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3 ways to cover plywood edges

Want to give your plywood project a professional finished look? Here are 3 ways to cover plywood edges!

We love building with plywood because it is easy to cut to very specific custom measurements, is very straight and very flat, and often times is cheaper for building furniture compared to buying individual hardwood boards.

However, one thing that we don’t always love about plywood is edging plywood. What I mean by that is covering up the natural edges that plywood has when it comes from the store.

But let’s back up – it’s important to understand that plywood is made by sandwiching lots of very thin sheets of wood together. This makes it into sort of a wood lasagna and if you look at it from the side, it looks striped like a lasagna.

This can be fine sometimes – like when we did a stacked plywood countertop we just leaned into it and left the plywood edge, raw for a sort of modern striped work – but usually you want your plywood edge trimmed out.

If you are wondering how to hide plywood edges, look not further. We have 3 tried and true methods and ways to finish plywood edges to share with you today!

3 ways to cover up plywood edges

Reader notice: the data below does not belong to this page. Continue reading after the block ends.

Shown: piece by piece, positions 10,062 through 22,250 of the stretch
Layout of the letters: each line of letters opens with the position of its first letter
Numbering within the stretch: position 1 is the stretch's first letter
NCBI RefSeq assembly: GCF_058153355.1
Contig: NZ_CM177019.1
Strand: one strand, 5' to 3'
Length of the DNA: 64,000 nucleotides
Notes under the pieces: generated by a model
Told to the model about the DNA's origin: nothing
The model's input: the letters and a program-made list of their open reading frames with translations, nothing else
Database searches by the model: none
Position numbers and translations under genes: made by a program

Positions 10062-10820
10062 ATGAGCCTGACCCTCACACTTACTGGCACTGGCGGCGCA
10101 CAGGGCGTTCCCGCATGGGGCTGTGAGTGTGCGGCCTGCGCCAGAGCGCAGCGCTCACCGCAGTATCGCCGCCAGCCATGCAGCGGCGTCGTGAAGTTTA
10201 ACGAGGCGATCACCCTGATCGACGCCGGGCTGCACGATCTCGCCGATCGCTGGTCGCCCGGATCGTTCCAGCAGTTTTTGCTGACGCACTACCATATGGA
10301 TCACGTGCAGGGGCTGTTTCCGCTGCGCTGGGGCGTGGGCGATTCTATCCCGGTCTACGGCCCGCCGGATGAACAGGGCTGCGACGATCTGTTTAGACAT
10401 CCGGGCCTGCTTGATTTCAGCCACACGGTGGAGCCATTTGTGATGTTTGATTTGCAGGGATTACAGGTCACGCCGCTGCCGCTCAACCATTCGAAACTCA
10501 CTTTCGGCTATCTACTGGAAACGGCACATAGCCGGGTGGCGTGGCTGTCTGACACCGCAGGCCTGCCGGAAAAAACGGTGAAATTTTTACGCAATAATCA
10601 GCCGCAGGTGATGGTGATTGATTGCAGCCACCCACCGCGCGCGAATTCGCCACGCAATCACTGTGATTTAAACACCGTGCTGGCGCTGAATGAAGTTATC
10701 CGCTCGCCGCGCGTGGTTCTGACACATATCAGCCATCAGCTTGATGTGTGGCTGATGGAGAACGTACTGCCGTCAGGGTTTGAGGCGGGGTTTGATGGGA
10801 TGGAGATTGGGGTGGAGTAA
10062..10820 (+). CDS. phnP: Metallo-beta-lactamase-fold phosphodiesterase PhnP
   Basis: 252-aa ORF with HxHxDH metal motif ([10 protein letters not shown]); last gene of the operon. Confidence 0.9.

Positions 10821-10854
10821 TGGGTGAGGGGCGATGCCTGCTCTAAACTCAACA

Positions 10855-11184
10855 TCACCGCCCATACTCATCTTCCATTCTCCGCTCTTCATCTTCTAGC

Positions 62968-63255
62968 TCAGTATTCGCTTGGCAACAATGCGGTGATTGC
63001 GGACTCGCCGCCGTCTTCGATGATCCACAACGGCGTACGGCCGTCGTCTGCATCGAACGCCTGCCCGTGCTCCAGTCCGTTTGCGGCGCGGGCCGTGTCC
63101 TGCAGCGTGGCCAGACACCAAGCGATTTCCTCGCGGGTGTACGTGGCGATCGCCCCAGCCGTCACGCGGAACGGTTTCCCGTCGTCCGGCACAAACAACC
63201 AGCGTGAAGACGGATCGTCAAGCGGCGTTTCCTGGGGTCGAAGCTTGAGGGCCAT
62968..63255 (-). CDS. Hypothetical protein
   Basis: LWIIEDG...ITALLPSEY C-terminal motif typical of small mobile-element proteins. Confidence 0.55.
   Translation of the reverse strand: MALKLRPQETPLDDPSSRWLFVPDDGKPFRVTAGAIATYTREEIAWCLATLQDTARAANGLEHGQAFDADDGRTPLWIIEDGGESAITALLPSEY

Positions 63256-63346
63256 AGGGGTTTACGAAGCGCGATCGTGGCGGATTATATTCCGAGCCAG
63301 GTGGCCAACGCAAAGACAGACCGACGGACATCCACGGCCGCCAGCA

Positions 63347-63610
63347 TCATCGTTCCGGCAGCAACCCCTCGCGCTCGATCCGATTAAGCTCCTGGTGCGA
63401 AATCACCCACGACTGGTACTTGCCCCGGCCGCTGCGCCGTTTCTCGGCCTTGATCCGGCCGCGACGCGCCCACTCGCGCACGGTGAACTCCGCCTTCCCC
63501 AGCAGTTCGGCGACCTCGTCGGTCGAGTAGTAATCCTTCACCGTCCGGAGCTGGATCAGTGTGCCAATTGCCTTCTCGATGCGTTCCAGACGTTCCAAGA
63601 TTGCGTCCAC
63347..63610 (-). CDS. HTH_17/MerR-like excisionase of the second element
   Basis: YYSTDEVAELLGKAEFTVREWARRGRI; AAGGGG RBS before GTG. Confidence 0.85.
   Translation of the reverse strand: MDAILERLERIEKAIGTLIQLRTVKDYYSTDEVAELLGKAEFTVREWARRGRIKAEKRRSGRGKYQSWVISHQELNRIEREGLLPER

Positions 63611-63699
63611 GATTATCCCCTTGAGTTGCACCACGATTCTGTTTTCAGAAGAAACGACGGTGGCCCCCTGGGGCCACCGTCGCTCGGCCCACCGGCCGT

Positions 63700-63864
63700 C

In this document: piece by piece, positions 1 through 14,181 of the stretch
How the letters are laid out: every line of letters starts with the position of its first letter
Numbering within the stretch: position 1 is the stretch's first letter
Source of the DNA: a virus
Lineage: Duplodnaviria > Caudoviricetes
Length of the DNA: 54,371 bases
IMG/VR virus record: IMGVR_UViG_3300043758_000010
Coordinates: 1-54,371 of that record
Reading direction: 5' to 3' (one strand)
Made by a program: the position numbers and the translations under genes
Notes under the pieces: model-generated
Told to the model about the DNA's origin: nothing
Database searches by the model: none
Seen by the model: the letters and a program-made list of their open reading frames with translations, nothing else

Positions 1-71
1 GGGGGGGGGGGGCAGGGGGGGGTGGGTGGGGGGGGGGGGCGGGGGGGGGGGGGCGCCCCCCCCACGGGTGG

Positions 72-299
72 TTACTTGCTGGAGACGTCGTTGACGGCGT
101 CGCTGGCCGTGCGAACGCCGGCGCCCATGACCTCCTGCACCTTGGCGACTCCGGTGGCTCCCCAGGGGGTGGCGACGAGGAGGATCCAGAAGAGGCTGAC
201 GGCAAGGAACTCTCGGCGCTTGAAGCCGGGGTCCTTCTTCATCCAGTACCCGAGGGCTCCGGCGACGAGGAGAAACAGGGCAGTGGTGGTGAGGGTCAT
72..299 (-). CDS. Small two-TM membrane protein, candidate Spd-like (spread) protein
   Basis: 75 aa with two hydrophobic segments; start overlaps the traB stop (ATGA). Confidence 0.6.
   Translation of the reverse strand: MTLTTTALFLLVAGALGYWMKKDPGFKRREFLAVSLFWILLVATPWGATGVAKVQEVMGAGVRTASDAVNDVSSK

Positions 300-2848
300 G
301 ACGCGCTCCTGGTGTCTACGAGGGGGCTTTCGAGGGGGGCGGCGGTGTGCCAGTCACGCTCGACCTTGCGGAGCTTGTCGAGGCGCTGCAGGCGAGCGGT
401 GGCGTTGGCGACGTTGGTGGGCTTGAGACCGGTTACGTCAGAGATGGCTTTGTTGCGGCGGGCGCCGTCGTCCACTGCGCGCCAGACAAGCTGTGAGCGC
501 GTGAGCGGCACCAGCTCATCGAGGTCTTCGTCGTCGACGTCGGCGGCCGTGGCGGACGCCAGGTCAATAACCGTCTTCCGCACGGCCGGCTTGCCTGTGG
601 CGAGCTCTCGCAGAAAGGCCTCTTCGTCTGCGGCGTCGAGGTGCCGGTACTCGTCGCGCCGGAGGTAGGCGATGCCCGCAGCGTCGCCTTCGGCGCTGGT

How should I cover my plywood edges?

First, you will ned to decide which method you want to use for finishing your exposed plywood edges.

The three methods are:

  • wood filler
  • plywood edgebanding
  • solid wood trim

We will share full tutorials for each of these methods in just a minute, but I wanted to share a quick snapshot of the benefits of each.

MethodCostEase of ApplicationDurabilityAppearance
Wood FillerAffordableSimple, suitable for DIYDecent durabilitySmooth and seamless, but may not match exact texture/grain
Edge BandingCost varies by selection, rolls start around $10Doable for a beginner, but takes some practice for perfect resultsExcellent durabilityClean and professional, matches plywood surface
Wood TrimCan be free with scrap wood, cost varies by selectionIntermediate to advancedExceptional durabilityDecorative and elegant, enhances aesthetics and provides structural reinforcement

How to cover plywood edges

Here are tutorials for the 3 main methods that we have used to cover plywood edges.

Method 1: Using Wood Filler

Wood filler is a putty that you can apply to the edges of your plywood to cover up any voids or gaps, as well as the texture.